Look and feel
Attractive, with no frills; feels reassuringly solid.
Ease of Use
Stock Android with few ZTE flourishes save the useful lock screen.
As befits a low-cost phone, there aren’t many, but the build quality definitely deserves another mention.
Performance is patchy. The screen isn’t great, nor is the camera, while the processor really struggles with some relatively simple tasks.
For a £70 phone, you can’t expect too much, but four hours and 40 minutes of media streaming is about average.
Review by Sunetra Chakravati,4/2/2013 3:17:06 PM
Ease of use
Easy set-up; solid build; good internal search; excellent price
Poor processor; no front-facing camera; rear camera not great
While the £69.99 price tag looks like it belongs to an entry-level smartphone, the ZTE Blade III’s specs are closer to that of a mid-ranger.
The reality is, when all things are considered, its somewhere in between. The performance isn’t what we’d expect from a mid-range phone with a mid-range price, but it’s far better than the rock-bottom price would suggest.
The first thing that grabbed our attention is the design. With a shiny black bezel, slightly rubberised rear and chrome band across the top and sides, it looks more expensive than it is. Sure, look a bit closer, and you’ll see that the chrome band is plastic but it succeeds in giving the phone a more premium look. The sense of quality extends to how it feels, too. In the hand, the nicely curved Blade III feels solid and trustworthy. It measures 120.5 x 63.5 x 10.85mm, weighs 130g and is well-balanced.
It’s a pleasant change to use a phone that can be operated entirely using one hand, and the Blade III’s power button can easily be reached by the firefinger. However, the cracks begin to show when you turn the phone on.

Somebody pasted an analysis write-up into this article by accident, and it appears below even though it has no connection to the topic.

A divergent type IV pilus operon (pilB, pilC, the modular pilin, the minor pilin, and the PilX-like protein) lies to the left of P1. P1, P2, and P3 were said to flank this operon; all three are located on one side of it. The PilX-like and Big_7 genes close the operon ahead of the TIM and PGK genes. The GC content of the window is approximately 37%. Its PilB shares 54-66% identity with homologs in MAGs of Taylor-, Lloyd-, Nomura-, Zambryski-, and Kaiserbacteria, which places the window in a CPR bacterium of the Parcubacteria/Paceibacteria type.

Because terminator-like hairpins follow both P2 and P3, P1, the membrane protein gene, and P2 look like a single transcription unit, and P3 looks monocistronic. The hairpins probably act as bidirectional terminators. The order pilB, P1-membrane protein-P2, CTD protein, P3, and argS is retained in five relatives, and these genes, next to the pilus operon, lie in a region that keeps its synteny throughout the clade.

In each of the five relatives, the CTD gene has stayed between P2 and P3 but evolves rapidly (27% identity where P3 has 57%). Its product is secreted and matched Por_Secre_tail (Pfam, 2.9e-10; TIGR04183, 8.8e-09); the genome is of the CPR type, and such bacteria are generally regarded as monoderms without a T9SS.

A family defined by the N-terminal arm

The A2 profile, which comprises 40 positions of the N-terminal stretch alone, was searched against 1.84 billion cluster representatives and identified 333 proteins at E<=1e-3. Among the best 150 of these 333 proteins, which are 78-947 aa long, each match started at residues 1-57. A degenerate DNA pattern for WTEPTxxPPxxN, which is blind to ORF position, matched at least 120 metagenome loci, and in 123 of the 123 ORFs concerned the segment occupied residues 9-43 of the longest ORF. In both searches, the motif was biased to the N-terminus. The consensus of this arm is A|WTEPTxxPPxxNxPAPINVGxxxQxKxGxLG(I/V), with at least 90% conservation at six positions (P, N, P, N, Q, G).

ZTE promises that the new Blade offers a better multimedia and gaming experience than its predecessors, however it doesn’t quite hit the mark. The simplest games run just fine, but try to move beyond Doodle Jump, and the phone finds itself in trouble. Games like Vector are unable to run at full speed and the phone will not even entertain more graphically-intensive games, crashing immediately.
This is where we see the Blade’s biggest failing – its struggling processor, 1GHz single-core backed up by 512MB of RAM. This problem manifests itself elsewhere, too; the UI is sometimes slow to react, for example, hitting one of the dedicated soft keys below the screen takes a touch longer than we’d like, and there is a noticeable wait when opening apps and using the web.
The five-megapixel camera is a let-down, too. Shutter lag is a problem, as is a ropey autofocus, and images do not end up as crisp as they should be.
But then thoughts turn to price, and it’s hard to be too critical when the thing in our hands costs just £69.99 (providing you spend another £10 on credit). Seventy quid for a robust, four-inch, 1GHz, Android 4.0 device with a decent battery. It’s really not bad, is it?
Running on Ice Cream Sandwich, Android 4.0 has generally been left alone, although ZTE has added its own lock screen options, which are quite neat. Swipe the screen and you are presented with a petal-like menu, whereby you can jump to one of six default functions, including the camera and messaging. This menu is also customisable, so you can swap all six out for apps and games you want immediate access too.
Hold down instead of swiping, and the phone buzzes while a cool, green electric ring zips around your finger. It’s a nice touch that makes the phone feel all futuristic.
The 1600mAh battery won’t last a terribly long time if you hammer apps and games (we got a below-par four hours and 40 minutes of video streaming at full brightness), but comfortably lasts a day of average use at automatic brightness.
The four-inch, 800x480 falls between the budget and mid-range stools, offering strong colours in most cases and decent viewing angles, but struggling with deep blacks and in sunlight.
ZTE claims it's in talks with other mobile carriers about ranging the Blade 3, but for now only Virgin Mobile have the handset in store.
Above average looks and build, with below average performance, you nonetheless get far more than you are paying for with the ZTE Blade III. At just £69.99 it could set fire to our bins and we’d still recommend it.
This will make an ideal back-up phone for those who need something cheap and reliable in case their main device dies, and is also a great choice for undemanding users and smartphone first-timers.